VIDEO: Paul Johnson Weekly Press Conference (Game 10 - Miami)

Paul Johnson Weekly Press Conference - Nov. 6, 2018

Paul Johnson Weekly Press Conference (Game 10 – vs. Miami, Nov. 10)

Opening Statement:

“Fortunately in the North Carolina game, we found a way to come back and win the game. I felt like we had the game pretty well in hand but then we lost focus a little bit there and, to their credit, they came out and seized the momentum, but we did enough in the end to win. Certainly, we’ll have to play better this week against a very athletic team in Miami. I think they’re second in the nation in total defense and first in tackles for loss, way up there in scoring defense. They’re really athletic and run well and offensively, they’ve got a lot of good athletes. Whenever they put it together, they’ve got a chance to explode.”

On comparing Miami’s quarterbacks:

“One’s a fifth-year senior [Malik Rosier] and the other is a redshirt freshman [N’Kosi Perry]. One’s more experienced. I think Perry is very talented; he can sling it. He’s a good athlete. But so is Malik Rosier. He was the quarterback when they were 10-0 a year ago, right? It doesn’t matter, they’re going to run their system and they do what they do.”

On if there’s a rivalry between him and Miami head coach Mark Richt:

“Not really. I mean he and I are kind of offensive coaches, so it’s a little different. Our teams, as head coaches, have played each other but we’ve really kind of gone against the guys on the other [defensive] side as far as calling plays and those sorts of things.”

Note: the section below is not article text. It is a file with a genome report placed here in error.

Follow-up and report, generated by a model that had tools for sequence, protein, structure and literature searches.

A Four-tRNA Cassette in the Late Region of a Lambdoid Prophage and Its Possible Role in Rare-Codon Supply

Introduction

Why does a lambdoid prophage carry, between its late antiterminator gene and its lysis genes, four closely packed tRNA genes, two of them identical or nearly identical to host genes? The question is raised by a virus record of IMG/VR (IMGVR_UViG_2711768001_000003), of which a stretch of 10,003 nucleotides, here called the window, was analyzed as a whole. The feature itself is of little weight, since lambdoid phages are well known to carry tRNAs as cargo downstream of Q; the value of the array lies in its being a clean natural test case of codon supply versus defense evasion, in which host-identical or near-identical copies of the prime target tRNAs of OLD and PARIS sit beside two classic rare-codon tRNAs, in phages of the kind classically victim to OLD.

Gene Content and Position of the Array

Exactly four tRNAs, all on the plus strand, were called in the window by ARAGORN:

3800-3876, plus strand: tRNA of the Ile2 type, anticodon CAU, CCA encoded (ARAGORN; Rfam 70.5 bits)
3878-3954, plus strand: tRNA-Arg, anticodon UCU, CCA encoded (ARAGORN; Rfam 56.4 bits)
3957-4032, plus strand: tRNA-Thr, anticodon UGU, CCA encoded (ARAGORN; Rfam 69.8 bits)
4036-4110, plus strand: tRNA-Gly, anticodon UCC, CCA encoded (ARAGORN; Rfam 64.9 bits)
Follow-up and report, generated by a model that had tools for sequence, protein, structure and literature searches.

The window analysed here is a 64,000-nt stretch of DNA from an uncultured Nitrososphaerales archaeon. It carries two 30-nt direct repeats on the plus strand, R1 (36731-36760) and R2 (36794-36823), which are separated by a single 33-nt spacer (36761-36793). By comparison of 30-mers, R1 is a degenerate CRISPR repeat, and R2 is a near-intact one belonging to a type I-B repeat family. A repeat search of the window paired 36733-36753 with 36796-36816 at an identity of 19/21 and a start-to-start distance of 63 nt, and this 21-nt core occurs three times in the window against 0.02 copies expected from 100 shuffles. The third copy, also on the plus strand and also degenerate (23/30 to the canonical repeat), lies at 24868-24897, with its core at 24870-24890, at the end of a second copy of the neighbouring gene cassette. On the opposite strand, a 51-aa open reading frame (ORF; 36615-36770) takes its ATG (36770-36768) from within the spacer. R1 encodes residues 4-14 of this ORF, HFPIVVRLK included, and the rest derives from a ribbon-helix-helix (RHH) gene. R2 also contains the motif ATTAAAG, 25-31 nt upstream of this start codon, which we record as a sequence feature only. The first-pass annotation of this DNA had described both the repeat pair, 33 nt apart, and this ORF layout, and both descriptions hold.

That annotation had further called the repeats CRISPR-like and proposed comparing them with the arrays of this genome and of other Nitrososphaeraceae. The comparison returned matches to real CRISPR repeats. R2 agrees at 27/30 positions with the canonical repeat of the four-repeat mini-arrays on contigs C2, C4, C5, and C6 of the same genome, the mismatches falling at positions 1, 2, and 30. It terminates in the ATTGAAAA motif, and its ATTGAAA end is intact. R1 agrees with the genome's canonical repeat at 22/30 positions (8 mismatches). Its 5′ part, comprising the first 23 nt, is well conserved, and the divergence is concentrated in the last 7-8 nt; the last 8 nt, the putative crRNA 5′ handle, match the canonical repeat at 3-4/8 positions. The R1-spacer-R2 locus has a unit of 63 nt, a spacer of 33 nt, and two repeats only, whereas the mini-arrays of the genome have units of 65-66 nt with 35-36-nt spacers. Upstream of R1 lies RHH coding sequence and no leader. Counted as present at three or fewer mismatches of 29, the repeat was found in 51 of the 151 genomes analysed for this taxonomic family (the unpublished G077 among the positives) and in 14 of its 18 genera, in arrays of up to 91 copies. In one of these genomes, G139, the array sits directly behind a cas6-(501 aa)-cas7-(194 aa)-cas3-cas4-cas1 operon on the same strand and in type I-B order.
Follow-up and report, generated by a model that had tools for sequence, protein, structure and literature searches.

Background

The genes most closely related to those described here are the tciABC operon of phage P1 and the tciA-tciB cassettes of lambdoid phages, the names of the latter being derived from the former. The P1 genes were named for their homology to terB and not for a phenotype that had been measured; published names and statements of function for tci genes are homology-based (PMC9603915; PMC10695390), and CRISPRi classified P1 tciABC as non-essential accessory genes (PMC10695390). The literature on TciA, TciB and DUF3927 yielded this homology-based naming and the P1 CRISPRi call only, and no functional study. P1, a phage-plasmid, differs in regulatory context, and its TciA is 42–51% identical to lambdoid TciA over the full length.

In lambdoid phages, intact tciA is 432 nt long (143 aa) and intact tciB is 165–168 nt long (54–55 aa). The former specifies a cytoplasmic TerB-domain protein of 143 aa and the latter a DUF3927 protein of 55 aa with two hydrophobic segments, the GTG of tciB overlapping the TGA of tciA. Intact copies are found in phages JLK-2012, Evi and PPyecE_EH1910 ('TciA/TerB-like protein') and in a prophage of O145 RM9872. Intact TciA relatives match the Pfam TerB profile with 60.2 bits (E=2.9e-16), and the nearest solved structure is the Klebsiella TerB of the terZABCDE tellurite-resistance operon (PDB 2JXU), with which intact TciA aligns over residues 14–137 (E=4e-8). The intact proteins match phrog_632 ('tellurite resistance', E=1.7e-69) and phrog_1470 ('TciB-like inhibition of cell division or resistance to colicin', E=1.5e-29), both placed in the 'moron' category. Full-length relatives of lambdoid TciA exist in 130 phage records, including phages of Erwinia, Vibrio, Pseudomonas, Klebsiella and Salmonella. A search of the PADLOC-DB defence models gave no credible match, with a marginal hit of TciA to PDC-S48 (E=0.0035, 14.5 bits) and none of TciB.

On Georgia Tech’s No. 1-ranked rushing offense (377.0 ypg):

“I think that we’ve just kind of played. We haven’t thrown the ball much so therefore, you’re going to run it more. When we haven’t gotten penalties and stopped ourselves, we’ve been pretty efficient running the ball. I think it’s kind of the nature of the beast; it’s kind of what you do.”

On Anree Saint-Amour’s success this year:

“I thought he would be a really good player, but I don’t know that you’d ever know that he was going to have those kinds of sacks and tackles for negative plays. I think he’s a good fit for what we do defensively.”

On what has been different from 1-3 start to winning 4-of-5:

“Up until the last game, at least on the road, we’ve done a better job of taking care of the ball and the penalties and those types of things. We just executed a little better. It’s not like we’ve added new stuff or doing whatever. We’re just playing a little better. And I really think that most everybody in our league is pretty similar with exception to one team, who’s clearly better than everybody else. So we’ve won the games, but we could’ve won the two league games we lost. We just turned the ball over and didn’t make plays.”

On Georgia Tech doubling its takeaways (20) from last season (10):

“When you’re more aggressive, you probably get more takeaways. It’s like I said before the season, I think sometimes we take something and kind of run with it and it’s usually somewhere in the middle. I think that we’ve probably gotten a few more negative plays and a little more pressure. And sometimes you go through years where they throw it to you and sometimes they don’t. It happens. If you go back and look, I think [defensive coordinator Nate Woody]’s had a pretty good history of creating turnovers with what they do. So I certainly don’t want to diminish that, but at the same time, I can promise you that we’re not doing anything in practice that we didn’t do before. I think it could maybe be a function of getting a little more pressure, but still, our sack numbers are not very good. But we do have more tackles for loss.”